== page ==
I had never believed in ghosts, but after that hot summer’s day in 1987, I
could never be certain again.
The idea of a moaning, translucent, hovering ghost remains just the stuff of lazy Hollywood screenwriters. What I experienced was, well, I still don’t know. So I will let you, the reader, decide.
My wife and I would spend a week each summer at a cabin north of Havelock in Ontario’s Northern Shield. It was nature in the raw that allowed us to dust off city life and renew our humanity.
This particular summer, our hearts were heavy with concern for a favourite aunt: Aunt Marnie.
My mother first met her future sister-in-law decades earlier at a volleyball tournament. She was sweaty and skinned and yet still maintained a spark that fired her enthusiasm and passion for whatever adventure was at hand.
We all witnessed that spark as she gripped my Uncle Earl’s waist as they zipped about town on their Harley-Davidson motorcycle, or as she exulted at their latest discovery of an antique that would be beautiful, once more, under her skilled hand.
But Aunt Marnie saved her most profound passion for her three children, her husband, nieces, nephews, co-workers, friends and all of their friends.
She always cooked more than enough for supper in case someone took advantage of the open invitation to dinner. No notice was necessary – not for family, or friends, or anybody.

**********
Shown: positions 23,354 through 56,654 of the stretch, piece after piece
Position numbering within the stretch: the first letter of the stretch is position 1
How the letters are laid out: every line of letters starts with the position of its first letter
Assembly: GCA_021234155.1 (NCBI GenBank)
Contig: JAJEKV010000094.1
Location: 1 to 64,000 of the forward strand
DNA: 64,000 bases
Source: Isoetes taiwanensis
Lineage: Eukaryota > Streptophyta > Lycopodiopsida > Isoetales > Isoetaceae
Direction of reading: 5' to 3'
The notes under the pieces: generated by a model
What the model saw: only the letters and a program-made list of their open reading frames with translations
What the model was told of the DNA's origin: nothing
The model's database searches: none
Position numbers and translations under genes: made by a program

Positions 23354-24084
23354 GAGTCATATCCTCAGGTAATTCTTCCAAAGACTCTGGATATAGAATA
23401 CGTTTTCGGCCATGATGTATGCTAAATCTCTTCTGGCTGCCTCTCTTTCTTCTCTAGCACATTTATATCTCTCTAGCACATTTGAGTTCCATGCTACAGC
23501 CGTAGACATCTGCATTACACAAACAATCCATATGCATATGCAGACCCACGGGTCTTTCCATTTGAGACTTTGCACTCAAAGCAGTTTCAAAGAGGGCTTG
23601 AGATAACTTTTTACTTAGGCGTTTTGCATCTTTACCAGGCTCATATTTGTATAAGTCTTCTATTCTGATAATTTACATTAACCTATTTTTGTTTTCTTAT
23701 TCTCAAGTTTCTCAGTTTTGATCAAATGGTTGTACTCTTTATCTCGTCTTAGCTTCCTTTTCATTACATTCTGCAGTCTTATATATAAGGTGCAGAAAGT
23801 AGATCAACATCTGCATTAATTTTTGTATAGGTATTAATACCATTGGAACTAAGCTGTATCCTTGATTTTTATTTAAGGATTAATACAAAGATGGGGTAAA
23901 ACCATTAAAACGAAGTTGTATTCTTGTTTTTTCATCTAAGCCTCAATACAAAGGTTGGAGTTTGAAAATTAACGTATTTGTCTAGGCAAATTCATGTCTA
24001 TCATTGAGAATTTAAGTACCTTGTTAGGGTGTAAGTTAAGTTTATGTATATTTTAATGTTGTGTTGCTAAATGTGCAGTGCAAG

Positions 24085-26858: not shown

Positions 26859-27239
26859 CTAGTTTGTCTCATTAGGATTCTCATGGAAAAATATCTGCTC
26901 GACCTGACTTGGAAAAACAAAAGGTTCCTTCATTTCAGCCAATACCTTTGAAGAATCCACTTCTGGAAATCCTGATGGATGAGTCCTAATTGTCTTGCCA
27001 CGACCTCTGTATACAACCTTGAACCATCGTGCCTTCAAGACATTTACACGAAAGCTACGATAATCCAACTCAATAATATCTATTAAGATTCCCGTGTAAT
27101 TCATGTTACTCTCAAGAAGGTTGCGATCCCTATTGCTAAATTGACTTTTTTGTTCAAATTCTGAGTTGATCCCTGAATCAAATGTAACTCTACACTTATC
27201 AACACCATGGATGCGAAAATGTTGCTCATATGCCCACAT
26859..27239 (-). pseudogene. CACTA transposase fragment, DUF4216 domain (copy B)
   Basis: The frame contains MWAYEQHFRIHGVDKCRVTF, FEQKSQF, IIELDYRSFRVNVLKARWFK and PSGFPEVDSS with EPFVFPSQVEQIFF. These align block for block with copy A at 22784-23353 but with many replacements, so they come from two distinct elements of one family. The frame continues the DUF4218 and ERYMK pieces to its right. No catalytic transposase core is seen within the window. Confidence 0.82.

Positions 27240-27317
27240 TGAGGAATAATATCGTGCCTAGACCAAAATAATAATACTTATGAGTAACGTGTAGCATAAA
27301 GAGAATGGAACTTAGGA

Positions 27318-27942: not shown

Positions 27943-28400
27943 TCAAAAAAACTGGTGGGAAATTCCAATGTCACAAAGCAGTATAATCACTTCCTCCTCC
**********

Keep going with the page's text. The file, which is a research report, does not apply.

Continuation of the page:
It was likely her passion for life that kept her alive for so long with that insidious disease: lung cancer.
So, my story begins: my wife and I finished up our annual vacation on that lake north of Havelock. We headed south to Highway 7 and signaled left to return to our home in Ottawa. If we had headed straight, we would get to Trenton, where Aunt Marnie and Uncle Earl lived. But we didn’t have time. We had to join the rat race once again.
As we approached Highway 7, a wind rushed up the highway toward us from the other side. Yet no dust was whipped up, no leaves rustled. It was a hot still day, there was no reason for a wind.
It wasn’t a wind by any definition that makes sense. Indeed, none of our usual senses picked up on it. Yet my wife asked me, “What was that?”
We both agreed that “wind” was the closest explanation we could come up with.
Three hours later, we were home and a message was waiting for me. My brother wanted me to phone him. Aunt Marnie had passed away.
Three hours ago.
Shock, grief, acceptance. But what about that wind? What did it mean?
We decided not to tell anyone about it. This was not the time.
After the funeral, as we helped put away chairs, Aunt Marnie’s son-in-law told me he was taking Uncle Earl in his bush plane to scatter her ashes.
She had pre-arranged everything: she wanted her ashes to be scattered in the Canadian Shield, just north of Havelock.
My kind reader, can you now see why a rational man, such as myself, could no longer scoff at the idea of ghosts?
We all have energy. Just because we cannot see it or touch it or understand it in any way we currently have, it doesn’t mean it isn’t there.
Aunt Marnie’s energy – or spirit, if you will – was rushing to the Canadian Shield ahead of her discarded body.
Taking the thought process one step further, her ghost did not want to scare us or steal our attention. It just wanted the peace it deserved. And as loving as Aunt Marnie was, it was not out of the question that her spirit would first wash over us ever so gently on its way home.